Source: Cooperation, 2012.

13.2.3 Recent examples of key results Research on edible insects has concentrated on the traditional food habits of indigenous people. Julietta Ramos Elorduy has published an impressive number of articles about entomophagy in Mexico from 1977 up to the present (see section 13.1). A landmark was the publication in 2005 of Ecological Implications of Mini-livestock: Potential of Insects, Rodents, Frogs, and Snails, edited by Professor Maurizio G. Paoletti at the University of Padua in Italy. The book contains contributions by many authors covering various aspects of entomophagy from around the world. There have been three international meetings in which edible insects figured prominently: • In 2000, the conference Les Insectes dans la tradition orale [Insects in oral literature and traditions] took place in Paris. It was ethnologically oriented and had edible insects as a topic. The proceedings were published in 2003 (Motte-Florac and Thomas, 2003). • In February 2008, FAO organized a workshop in Chiang Mai, Thailand, titled Forest Insects as Food: Humans Bite Back. It focused on edible insects in the Asia-Pacific region. • In January 2012, FAO and Wageningen University jointly organized the Expert Consultation Meeting on Assessing the Potential of Insects as Food and Feed in Assuring Food Security at FAO in Rome. This consultation was the first of its kind co-organized by FAO (see section 1.2).

Promoting insects as feed and food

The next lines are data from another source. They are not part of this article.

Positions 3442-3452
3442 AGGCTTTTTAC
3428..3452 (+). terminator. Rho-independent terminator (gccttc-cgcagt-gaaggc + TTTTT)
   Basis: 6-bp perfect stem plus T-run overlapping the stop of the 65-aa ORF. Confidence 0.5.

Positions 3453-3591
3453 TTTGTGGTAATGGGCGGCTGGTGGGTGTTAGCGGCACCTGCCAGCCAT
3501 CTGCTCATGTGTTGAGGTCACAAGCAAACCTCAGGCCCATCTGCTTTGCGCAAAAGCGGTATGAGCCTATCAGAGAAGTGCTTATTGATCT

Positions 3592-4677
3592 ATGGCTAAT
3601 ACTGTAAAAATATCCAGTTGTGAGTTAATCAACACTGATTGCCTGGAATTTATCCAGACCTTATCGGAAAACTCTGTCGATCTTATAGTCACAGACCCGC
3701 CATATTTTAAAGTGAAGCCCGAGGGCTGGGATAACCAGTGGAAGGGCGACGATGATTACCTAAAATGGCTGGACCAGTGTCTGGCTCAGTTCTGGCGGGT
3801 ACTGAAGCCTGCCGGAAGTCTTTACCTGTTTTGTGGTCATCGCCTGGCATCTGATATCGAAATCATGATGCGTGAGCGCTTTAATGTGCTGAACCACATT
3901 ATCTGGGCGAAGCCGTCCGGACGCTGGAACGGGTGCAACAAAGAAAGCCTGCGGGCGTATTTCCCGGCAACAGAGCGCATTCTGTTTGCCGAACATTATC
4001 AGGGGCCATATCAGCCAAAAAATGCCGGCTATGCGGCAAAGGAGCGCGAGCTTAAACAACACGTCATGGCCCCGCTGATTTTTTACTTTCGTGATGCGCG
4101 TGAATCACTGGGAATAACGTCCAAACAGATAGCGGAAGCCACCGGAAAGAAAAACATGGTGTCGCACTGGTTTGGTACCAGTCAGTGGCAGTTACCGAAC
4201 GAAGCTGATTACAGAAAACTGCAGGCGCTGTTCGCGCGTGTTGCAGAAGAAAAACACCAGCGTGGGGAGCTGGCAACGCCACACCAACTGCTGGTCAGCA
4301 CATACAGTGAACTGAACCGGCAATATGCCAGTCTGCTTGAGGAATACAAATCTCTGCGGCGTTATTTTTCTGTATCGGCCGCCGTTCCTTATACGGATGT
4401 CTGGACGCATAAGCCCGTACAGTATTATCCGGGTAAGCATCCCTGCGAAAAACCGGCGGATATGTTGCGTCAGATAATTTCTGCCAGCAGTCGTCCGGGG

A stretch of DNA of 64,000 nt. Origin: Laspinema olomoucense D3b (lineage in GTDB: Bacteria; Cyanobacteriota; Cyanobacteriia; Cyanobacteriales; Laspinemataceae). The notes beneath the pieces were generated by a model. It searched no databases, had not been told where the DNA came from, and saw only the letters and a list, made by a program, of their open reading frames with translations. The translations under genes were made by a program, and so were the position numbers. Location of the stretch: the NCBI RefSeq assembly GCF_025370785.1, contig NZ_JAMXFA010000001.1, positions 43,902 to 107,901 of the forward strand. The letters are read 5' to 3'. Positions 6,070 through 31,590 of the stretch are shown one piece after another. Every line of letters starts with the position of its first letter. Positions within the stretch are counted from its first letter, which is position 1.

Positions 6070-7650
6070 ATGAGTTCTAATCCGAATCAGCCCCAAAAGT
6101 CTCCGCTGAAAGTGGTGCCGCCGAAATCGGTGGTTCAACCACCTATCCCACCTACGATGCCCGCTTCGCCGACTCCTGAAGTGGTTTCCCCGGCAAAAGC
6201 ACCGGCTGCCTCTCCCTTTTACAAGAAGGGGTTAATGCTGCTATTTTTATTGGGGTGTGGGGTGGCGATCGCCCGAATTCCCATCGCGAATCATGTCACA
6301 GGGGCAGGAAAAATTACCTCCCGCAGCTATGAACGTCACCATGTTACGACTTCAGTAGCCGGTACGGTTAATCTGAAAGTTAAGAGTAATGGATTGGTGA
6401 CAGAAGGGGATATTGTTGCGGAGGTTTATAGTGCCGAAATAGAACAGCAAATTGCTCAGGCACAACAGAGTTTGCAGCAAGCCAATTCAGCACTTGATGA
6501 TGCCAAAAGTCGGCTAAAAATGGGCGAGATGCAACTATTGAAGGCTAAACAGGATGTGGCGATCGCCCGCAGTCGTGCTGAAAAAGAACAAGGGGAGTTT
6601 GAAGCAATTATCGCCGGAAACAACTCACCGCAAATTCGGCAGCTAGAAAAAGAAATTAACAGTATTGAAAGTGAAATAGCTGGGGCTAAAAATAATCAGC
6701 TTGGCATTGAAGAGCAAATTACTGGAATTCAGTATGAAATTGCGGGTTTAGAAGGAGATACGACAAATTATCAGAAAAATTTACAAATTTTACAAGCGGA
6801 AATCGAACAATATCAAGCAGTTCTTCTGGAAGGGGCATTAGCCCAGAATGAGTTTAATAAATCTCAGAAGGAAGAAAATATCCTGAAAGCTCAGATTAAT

The topic of insects as a source of food and feed has attracted strong media attention in the last couple of years: international and national newspapers, TV stations and other media sources have produced articles and documentaries on the topic. Strong media attention is helping to influence public policymaking regarding, for example, the review of food and feed regulations with respect to the use of insects. 13.3 Role of stakeholders The communication strategies of stakeholders need to be comprehensive and should target region, culture, locality (rural, urban), economics, environment, nutrition, gastronomy and tradition. In developing countries, different approaches are needed for urban, periurban and rural communities. 13.3.1 Governmental bodies Governmental bodies have important roles to play in promoting insects as food and feed. In particular, the development of this new sector as a viable (and environmentally friendly) alternative to the conventional food and feed sector will require that governmental bodies address the following issues: • awareness and collaboration among relevant ministries, such as agriculture, health and the environment; • the implementation of existing policies and the creation of new policies, such as food and feed regulations; • the creation of incentives aimed at knowledge centres for research, development and graduate and post-graduate training; • the creation of incentives aimed at the private sector for investment and technical development; • the provision of technical assistance in sustainable insect harvesting and insect farming through agricultural extension services. One example of government incentives is the three-year, €3 million EU FP7 project “Insects as novel sources of proteins”. Starting in the second half of 2013, this collective research project will involve various universities and companies in examining ways of rearing and processing insects for feed. An effective communication strategy needs to differentiate between insects as food and as feed and also to minimize sensationalism about insect consumption by using welldocumented literature to increase credibility. Among the strategies to be considered for developing effective communication strategies for governments, international agencies, the private sector and NGOs are: tailoring messages for different audiences; identifying incentives for using insects as food; using success stories and best practices/experiences to promote the consumption of insects; involving (local) media to raise awareness; creating a communication toolkit on the importance of and opportunities for insects as food and feed; and seeking endorsements from celebrities to improve the credibility of the sector. 13.3.2 Industry Industrial producers have undertaken research and development on insects in cooperation with knowledge institutions with the objectives of centralizing scattered information including data, literature, economics, methods and practices as a basis for investment options. Industry can further advance insects on the agenda by contributing to investment in infrastructure, research and technology, and can increase awareness by marketing products to the general public. The industry also has good contacts with regulators and policymakers. It could take a proactive stance by facilitating the development of regulations with government agencies. The industry could also develop a roadmap on insect protein technology for the private sector. At the Expert Consultation Meeting in January 2012, stakeholders from the private sector emphasized the need to create an international industry association